Indianapolis Colts owner Jim Irsay back, and deserving of prayer in his battle

by Kent Sterling

Jim Irsay is in Atlanta for the NFL owners meetings, and will lobby for Indianapolis to host Super Bowl LII.

Jim Irsay is in Atlanta for the NFL owners meetings, and will lobby for Indianapolis to host Super Bowl LII.

Ignorance is always stunning to me, especially when expressed by those whose thoughts on addiction begin and end with, “They should just stop using,” and “They deserve what they get!”

Understanding the addictions that plague Indianapolis Colts owner Jim Irsay is very difficult for some, who view his drug use as a choice – an irresponsible indulgence of feeling “good” over living a responsible and temperant life.

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Anyone who has witnessed addiction up close knows different, and those who think Irsay doesn’t feel like an abject failure because of his relapse possess a dangerous level of misunderstanding of the challenges he faces in recovery.

After watching video of Irsay in Atlanta, I tweeted a brief and innocuous message of support, and received several unpleasant return messages, including, “save the prayers for cancer patients or suffering children.. not self-righteous, self-destructive, drug addicts.”

What an empathic message that is!  As though there is a limit to the prayers we can offer those in pain – like rationing positive thoughts is a reasonable life strategy.  Pain and suffering is pain and suffering, regardless of the cause.

There is no reason to ask ourselves, “Now wait a minute, if I take time to wish Jim Irsay well, am I costing someone else in need the help my tweeted empathy can provide?”

Addiction, especially for a man like the Colts owner who has seen the pain it can cause through his own father’s alcoholism, torments Irsay, who is all too aware the pain his relapse has caused.

Stopping use requires strength, but letting go of the guilt that comes from seeing the pain in the eyes and hearts of loved ones is incredibly difficult.  Add the very public national humiliation caused by his arrest in Carmel, and Irsay has a very, very difficult time looking in the mirror, and a challenging road ahead of him.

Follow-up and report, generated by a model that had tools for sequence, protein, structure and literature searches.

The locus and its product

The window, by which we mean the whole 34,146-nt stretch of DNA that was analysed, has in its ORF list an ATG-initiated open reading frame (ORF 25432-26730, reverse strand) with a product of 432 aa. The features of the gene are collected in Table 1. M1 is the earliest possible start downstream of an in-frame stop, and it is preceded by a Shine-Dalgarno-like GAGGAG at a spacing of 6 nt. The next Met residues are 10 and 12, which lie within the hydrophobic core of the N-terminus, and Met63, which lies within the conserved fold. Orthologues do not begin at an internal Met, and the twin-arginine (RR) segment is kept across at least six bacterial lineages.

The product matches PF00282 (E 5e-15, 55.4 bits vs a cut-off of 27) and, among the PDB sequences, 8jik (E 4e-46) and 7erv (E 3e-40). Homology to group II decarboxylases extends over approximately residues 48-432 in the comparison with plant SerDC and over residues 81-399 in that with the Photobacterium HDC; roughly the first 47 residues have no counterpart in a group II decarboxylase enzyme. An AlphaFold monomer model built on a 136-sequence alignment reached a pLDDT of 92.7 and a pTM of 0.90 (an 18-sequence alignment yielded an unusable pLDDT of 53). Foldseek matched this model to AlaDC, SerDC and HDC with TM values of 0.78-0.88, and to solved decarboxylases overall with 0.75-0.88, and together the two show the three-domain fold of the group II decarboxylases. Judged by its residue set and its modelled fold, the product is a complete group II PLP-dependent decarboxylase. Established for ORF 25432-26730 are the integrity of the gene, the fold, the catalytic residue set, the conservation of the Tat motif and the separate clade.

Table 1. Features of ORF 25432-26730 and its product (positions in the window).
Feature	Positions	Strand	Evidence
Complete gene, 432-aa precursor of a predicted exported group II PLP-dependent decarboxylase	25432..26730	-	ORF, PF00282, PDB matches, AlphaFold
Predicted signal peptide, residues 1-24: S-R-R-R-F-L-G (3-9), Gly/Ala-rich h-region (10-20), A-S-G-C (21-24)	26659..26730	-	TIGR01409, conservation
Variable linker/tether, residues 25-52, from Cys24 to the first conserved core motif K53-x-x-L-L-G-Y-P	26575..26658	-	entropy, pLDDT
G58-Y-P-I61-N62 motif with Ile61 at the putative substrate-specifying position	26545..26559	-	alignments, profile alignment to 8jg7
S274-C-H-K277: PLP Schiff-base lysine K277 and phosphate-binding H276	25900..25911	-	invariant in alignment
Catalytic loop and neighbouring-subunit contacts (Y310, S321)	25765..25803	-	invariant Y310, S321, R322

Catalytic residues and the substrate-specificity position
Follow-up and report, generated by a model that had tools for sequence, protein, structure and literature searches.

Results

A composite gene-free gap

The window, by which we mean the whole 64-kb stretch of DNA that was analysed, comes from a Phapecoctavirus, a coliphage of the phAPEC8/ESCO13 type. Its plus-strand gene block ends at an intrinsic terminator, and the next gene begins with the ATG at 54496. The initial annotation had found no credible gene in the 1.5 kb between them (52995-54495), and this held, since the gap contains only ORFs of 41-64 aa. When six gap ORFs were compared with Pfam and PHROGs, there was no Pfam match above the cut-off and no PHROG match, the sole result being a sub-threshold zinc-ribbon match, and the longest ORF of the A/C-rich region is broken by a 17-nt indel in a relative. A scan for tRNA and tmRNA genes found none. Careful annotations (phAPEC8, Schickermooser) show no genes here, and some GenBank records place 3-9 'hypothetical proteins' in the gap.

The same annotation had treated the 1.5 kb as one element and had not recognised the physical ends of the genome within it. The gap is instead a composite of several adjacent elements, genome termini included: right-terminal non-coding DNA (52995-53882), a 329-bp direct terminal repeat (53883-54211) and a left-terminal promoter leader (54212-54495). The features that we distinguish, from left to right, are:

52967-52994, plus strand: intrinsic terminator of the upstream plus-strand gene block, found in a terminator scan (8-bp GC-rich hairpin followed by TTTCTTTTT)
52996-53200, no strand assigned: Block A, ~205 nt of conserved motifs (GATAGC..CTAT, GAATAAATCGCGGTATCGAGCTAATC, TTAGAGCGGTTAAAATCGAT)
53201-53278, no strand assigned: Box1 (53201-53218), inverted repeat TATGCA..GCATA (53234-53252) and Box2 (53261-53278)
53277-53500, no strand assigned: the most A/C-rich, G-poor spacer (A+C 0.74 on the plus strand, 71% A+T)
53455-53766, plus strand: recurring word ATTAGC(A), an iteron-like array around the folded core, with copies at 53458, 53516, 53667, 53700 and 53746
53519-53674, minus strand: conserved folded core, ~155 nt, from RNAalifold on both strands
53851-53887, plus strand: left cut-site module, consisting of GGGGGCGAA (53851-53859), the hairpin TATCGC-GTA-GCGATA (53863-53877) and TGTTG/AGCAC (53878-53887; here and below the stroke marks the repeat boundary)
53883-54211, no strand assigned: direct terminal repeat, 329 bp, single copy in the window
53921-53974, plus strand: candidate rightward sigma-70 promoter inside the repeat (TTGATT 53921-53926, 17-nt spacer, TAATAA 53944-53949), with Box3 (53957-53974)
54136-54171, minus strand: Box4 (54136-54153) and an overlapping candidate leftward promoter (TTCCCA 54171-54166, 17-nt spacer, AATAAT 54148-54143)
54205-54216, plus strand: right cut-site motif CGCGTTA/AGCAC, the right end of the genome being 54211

It’s easy to mock a guy who was pulled over in Carmel for going 10 miles an hour with a stash of drugs and $29,000 in his car, but there is nothing funny about Irsay’s difficulties in maintaining sobriety today.

Law enforcement will have their say in mandating some penance for Irsay, and the NFL will definitely issue a suspension eventually.  Regardless of the addiction, people addled by drugs and alcohol cannot get behind the wheel of a car.  Putting innocent drivers and their passengers at risk is unacceptable, irresponsible, and requires a serious consequence.

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But that shouldn’t preclude us as human beings from offering positive thoughts to those who made bad choices because of behavior caused by addiction.

Addiction, whether to drugs, alcohol, gambling, porn, or some other destructive pursuit is beyond the control of the user, and expressing a little bit of sympathy and hope for day-by-day success to abstain is the least we can offer.

People who have an issue with that should take a good hard look at their own behavior and stop busying themselves with casting blame.

Irsay is in the midst of a struggle that will end in one of three ways – death, incarceration, or a successful adherence to the behaviors and actions that allow him to ignore the compulsion to use that will reverberate in his brain everyday for the rest of his life.

Whether Irsay has billions or not, he deserves some love and compassion – in addition to all others who face a daunting struggle, not to their exclusion.

One thought on “Indianapolis Colts owner Jim Irsay back, and deserving of prayer in his battle

  1. David Spellman

    Kent, you are a good and decent man.
    I agree.
    My limited experience is that Mr. Irsay is tremendously generous and kind…big-hearted.
    Pure speculation on my part, but I would not be surprised if he is also bipolar.
    I do wish him the best.
    And thank you, Kent, for taking the high-road consistently.


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